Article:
Polymer electrolyte membrane (PEM) fuel cells have high power density, low operational temperatures. If PEM runs on green hydrogen, it doesn’t even emit carbon. But their fabrication requires perfluorinated sulfonic acid (PFSA) polymers as an electrolyte separator membrane and as an ionomer in the electrode, which is quite expensive. Nafion® is the leading commercial PFSA polymer in the market. However, its manufacturing is costly as well as environmentally hazardous. Therefore, low-cost, environmentally friendly PFSA polymer substitutes are the primary goals for the fuel cell scientific community worldwide.
Researchers of the Texas A&M University and Kraton Performance Polymers Inc. experimented using NEXAR ™ polymer membranes in hydrogen fuel cells, studying different ion exchange capacities. NEXAR ™ polymer membranes are commercially available sulfonated pentablock terpolymers. They published the results in the Journal of Membrane Science . Previous studies showed that changing the ion exchange capacity, that is, the degree of sulfonation of NEXAR ™ membranes can alter the nanoscale morphology and significantly affect mechanical properties. This may influence fuel cell performance. Hence, this polymer may be used as a membrane alternative to Nafion® in fuel cells.
- Materials under consideration: three different variants of the polymer were taken up each with different Ion Exchange Capacities (IECs: 2.0, 1.5, and 1.0 meq / g), which were named NEXAR ™ -2.0, NEXAR ™ -1.5, and NEXAR ™ – 1.0 respectively.
- NEXAR ™ membrane preparation: NEXAR ™ membranes were fabricated by casting the NEXAR ™ solutions onto a silicon-coated Mylar PET film using an automatic film applicator under ambient conditions. Two different sizes were manufactured for measuring mechanical properties and conductivity.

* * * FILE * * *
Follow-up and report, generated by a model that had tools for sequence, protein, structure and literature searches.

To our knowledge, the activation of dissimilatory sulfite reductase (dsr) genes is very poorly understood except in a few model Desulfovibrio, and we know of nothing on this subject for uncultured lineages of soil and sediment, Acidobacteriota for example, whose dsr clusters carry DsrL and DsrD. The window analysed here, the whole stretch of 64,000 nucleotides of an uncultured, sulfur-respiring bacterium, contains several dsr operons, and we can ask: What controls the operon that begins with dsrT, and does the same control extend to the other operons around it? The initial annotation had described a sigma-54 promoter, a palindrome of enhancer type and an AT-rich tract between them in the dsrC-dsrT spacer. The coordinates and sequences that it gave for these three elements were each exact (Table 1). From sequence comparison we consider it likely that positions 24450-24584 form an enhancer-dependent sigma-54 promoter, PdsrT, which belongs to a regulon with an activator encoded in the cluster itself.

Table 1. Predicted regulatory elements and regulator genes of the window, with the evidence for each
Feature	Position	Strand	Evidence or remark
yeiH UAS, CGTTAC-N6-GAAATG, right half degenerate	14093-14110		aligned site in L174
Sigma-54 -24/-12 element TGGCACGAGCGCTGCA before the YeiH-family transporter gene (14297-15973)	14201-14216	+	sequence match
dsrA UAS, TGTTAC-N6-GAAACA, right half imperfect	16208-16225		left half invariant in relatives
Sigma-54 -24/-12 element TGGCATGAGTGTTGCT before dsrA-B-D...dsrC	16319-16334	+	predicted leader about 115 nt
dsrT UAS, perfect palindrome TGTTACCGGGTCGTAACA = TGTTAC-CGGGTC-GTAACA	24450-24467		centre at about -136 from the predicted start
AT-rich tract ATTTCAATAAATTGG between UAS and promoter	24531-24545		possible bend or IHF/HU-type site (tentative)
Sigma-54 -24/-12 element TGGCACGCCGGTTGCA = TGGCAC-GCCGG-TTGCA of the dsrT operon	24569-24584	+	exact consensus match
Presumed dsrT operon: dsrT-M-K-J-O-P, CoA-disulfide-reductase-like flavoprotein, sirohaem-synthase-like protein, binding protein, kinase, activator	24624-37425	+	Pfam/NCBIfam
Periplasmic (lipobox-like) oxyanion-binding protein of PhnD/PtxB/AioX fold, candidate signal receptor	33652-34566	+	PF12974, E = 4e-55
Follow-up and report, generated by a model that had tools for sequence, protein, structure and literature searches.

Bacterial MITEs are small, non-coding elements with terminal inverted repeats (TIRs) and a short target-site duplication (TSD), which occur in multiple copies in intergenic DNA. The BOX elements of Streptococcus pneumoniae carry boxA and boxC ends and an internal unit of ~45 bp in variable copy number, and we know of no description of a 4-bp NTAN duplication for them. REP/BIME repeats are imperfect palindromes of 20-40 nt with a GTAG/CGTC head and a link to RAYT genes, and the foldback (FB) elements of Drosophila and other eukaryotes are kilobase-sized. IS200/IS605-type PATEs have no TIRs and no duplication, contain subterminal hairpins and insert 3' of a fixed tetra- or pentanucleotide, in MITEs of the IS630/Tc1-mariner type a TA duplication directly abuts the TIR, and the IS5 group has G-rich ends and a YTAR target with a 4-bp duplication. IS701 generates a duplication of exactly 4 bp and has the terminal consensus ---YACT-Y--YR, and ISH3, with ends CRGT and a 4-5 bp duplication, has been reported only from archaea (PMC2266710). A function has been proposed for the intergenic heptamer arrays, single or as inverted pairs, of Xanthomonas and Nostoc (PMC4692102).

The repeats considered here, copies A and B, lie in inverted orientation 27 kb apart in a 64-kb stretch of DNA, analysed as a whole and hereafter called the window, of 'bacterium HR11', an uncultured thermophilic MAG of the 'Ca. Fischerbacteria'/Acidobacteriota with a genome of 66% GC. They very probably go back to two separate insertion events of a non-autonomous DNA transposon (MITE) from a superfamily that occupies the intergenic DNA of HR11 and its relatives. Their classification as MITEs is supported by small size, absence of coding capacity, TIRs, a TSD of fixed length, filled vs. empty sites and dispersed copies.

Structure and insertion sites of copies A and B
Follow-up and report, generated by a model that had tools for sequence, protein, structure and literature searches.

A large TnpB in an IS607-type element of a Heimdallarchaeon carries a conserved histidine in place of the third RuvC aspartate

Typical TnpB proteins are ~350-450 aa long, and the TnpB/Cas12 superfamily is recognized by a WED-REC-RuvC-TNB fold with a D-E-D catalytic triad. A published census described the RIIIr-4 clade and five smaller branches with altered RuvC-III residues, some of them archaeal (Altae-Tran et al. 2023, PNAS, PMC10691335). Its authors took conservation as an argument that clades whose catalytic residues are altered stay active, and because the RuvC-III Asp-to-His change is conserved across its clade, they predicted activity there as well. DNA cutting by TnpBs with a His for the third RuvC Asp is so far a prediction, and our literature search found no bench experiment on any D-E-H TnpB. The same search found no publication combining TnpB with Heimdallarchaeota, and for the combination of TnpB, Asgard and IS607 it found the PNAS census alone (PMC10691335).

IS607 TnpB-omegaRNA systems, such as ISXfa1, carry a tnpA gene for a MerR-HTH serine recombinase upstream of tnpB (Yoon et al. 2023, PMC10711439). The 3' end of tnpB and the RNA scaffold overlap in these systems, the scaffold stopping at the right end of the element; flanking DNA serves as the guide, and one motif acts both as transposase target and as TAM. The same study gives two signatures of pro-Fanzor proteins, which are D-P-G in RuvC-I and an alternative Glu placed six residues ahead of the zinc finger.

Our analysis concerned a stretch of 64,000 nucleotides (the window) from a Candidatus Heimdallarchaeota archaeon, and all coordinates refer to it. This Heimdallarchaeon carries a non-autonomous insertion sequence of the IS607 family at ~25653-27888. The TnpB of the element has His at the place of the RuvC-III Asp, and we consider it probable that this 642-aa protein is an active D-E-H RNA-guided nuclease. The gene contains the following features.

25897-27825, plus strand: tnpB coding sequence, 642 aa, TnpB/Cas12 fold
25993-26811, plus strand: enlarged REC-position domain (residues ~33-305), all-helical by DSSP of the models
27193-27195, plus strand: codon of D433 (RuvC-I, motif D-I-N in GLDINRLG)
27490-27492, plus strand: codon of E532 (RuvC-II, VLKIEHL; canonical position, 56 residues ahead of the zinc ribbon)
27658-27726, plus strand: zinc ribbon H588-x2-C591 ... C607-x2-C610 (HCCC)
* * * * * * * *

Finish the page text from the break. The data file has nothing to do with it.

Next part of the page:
- NEXAR ™ membrane characterization: mechanical properties using the size 25 mm (L) x 0.5 mm (W) membrane as test pieces were determined and for proton conductivity test pieces of size 30 mm (L) x 10 mm (W) were tested upon.
- Nafion® electrode fabrication: conventional Nafion® electrodes were also fabricated as controls to conduct simultaneous tests.
- NEXAR ™ electrode fabrication: NEXAR ™ electrodes were prepared in 2 ways for the 2-part study, each with a different composition.
- Electrode characterization: electrode profiling was done using a scanning electron microscopy (SEM).
- Membrane electrode assembly (MEA) and fuel cell tests: MEAs were fabricated by placing the membrane in between two catalyst-coated gas diffusion layers (anode and cathode) and heat pressing. The entire fuel cell assembly consisted of an MEA, two gaskets, and two flow plates placed between copper current collectors followed by end plates all held together by bolts. Fuel cell performance tests were conducted under ambient pressure with saturated (100% RH) anode and cathode flow rates of 0.43 L / min hydrogen and 1.02 L / min oxygen respectively.
- Electrochemical impedance spectroscopy (EIS): electrochemical impedance spectroscopy was performed after the fuel cell tests and the results analyzed.